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Lecture

Week 8 - Oct 15, 17 - Chapter 7(b) Reproduction and Physiology - PSYCH 3M03

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Department
Psychology
Course Code
PSYCH 3M03
Professor
Aadil Merali Juma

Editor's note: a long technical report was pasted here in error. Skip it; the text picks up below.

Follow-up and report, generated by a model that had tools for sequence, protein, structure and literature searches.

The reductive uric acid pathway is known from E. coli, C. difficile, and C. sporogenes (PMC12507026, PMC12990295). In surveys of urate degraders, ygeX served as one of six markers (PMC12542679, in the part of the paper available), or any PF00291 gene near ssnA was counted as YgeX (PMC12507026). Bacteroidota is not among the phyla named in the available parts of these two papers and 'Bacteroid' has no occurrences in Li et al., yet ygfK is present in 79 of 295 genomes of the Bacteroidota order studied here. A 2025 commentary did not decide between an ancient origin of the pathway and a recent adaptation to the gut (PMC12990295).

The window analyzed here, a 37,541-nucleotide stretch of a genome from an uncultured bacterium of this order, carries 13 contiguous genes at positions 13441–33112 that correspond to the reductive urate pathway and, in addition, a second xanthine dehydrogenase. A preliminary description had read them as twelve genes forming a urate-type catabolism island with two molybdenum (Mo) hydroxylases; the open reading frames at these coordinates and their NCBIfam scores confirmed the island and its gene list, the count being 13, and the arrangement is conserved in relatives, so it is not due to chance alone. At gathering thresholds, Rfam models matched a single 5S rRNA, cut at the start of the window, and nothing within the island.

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LECTURE 8 COURSE CODE Chapter 7: Reproduction and Physiology October 15, 17, 18, 2013  Pheromones, tactile stimuli, visual stimuli all input into sexual arousal  Courtship patterns vary among species  Sexual behaviour is largely innate once initiated  Male Sexual Behaviour o Mounting – positioning on the female to permit copulation o Intromission – insertion of the penis with pelvic thrusting; in mice, many intromissions; in humans, single intromission o Ejaculation – reflexive emission of sperm o Basic spinal reflexes – both can occur after spinal transection above the sacral vertebrate  Erection – parasympathetic NS  Ejaculation – sympathetic NS  Occurs in infancy (not full response)  Transect spinal cord in lab animal, causes peripheral paralysis, but these reflexes (in spine) still occur  Severed spinal cord in accident; can still show sexual responses o Hormones and Male Sexual Response  Chronic testosterone critical  More testosterone does not necessarily cause more sexual activity – testosterone slow acting organizational hormone  Inject testosterone into lab animal – may not demonstrate greater sexuality  Immediate testosterone not  Dependent on reaching a certain threshold of testosterone, usually met after puberty  Estrogen  Levels of testosterone are highest at the beginning of the day  Testosterone binds to portions of hypothalamus critical for sexual behaviour  Castration reduces male sexual response (not always); adrenals and experience  Doesn’t immediately remove sexual drive; weeks before impact occurs  ~ 1 week before losing ejaculation response, then lose intromission; ~1 month before mounting behaviour is eliminated  Some men and rhesus monkeys will sustain sexual activity despite castration for a few years (cannot ejaculate, but motor response still occurs)  Few men do not lose sexual response after castration  Testosterone levels from testes eliminated  Testosterone lingers in tissues; adrenal cortex compensates and secretes more testosterone  Male HPG Axis  Hypothalamus --GnRH --> Pituitary --LH--> Testes  Androgens (testosterone)  Hypothalamus secretes GnRH which stimulates the anterior pituitary to secrete LH and FSH, which stimulate testes to produce testosterone  Androgens produce secondary sex characteristics; go to brain and bind particularly to parts of the hypothalamus (pre-optic areas very important for male sexual behaviour)  Prenatal levels of androgens are critical  Happens after puberty; does not occur at birth, but is still innate  Male arousal facilitated by minor increases in arousal and catecholamine’s  Arousal dampened by major stress, fatigue, over arousal  Female Sexual Behaviour o Reflexes – spinal (eg/ lubrication, blood flow, lordosis); elicited reflexes  Lordosis – lift tail and arch back; allows for male mounting and intromission; observed in mice and non- human animals o Proceptivity – the extent to which a female will elicit copulations as reflected by her behaviour; solicit attention  Eg/ Baboons – blood flow to cause bright coloration of genital area during estrous (mid cycle)  Eg/ Cats – cats will scream and cry to get away if they are seeking mating  Eg/ Rats – dart and hop, wiggle ears  Eg/ Anesthesia to the cortex of the rat; sexual activity is liberated o Receptivity – a females state of responsiveness to sexual initiation by male  Dependent on estrogens; estradiol (prepares sexual response), progesterone (kicks in sexual response)  Eg/ Chimps and Rats – females often initiate sexual behaviour o Female sexual reflexes general inhibited by stress and stress hormones  Catecholamine’s; inject adrenaline, females will not mate 1 LECTURE 8 COURSE CODE  Female more sensitive to stress hormones, than males; stress steroids inhibit sexual response  Parasympathetic – facilitates sexual response and reproduction  Sympathetic – can kill male sexual activity (nervousness) and females; females more sensitive (more conservative) o Facilitated by parasympathetic NS o Sympathetic – ejaculatory in males; excitement in females  Stress can promote ejaculatory response, make it occur early (eg/ in novices) o Female HPG Axis  Hypothalamus --GnRH--> Anterior Pituitary --FSH--> Ovaries --> estrogen  Hypothalamus --GnRH--> Anterior Pituitary --LH--> Ovaries --> progesterone  Beginning of menstrual or estrual cycle; FSH stimulates production of estrogen in post-menstrual period, pre- ovulatory (when menstruation is over, estrogen rises; mid cycle LH spikes which stimulates progesterone production) ??  Pregnancy – progesterone dominates  Pre menstrual phase – progesterone drops; menstruation occurs  Most females will only mate mid cycle due to LH spike; narrow window of time in which non-human mammals will mate (during ovulation)  usually results in fertilization  Humans have evolved to mate throughout the cycle; might be due to pair bonding, which facilitates bi-parental care in K-selected offspring  few mating’s result in insemination and pregnancy; ovulation is a rarer event, sometimes does not occur in cycle during stress o Hormones and Female Sexual Response  In many mammals, estrogen and progesterone control female sexual response  Primate (including human) sex response is less dependent on progesterone and estrogen  Testosterone is more important in sexual response than estrogen and progesterone o Shown in rhesus monkeys, women o Hormones are not sexually dimorphic  Androgens may also be involved  Femininity and Masculinity o Presence or absence of testosterone during very early development permanently affects brain differentiation  Period of time that masculinity can be determined for life  Eg/ Castrate a mouse neo-natally; block testosterone action, animal will be less masculine and may not show male sexual behaviour (or show femininity)  Eg/ Give testosterone to female in last few days of gestation, brains and behaviour may be masculinized for life  Body form – determined by chromosomes (specifically, Y that determines androgenization of genetalia; default is female during first trimester) o Especially the SDN-POA of the hypothalamus  Recall: Hypothalamus control pituitary which secretes FSH and LH o This differentiation will impact sexual behaviour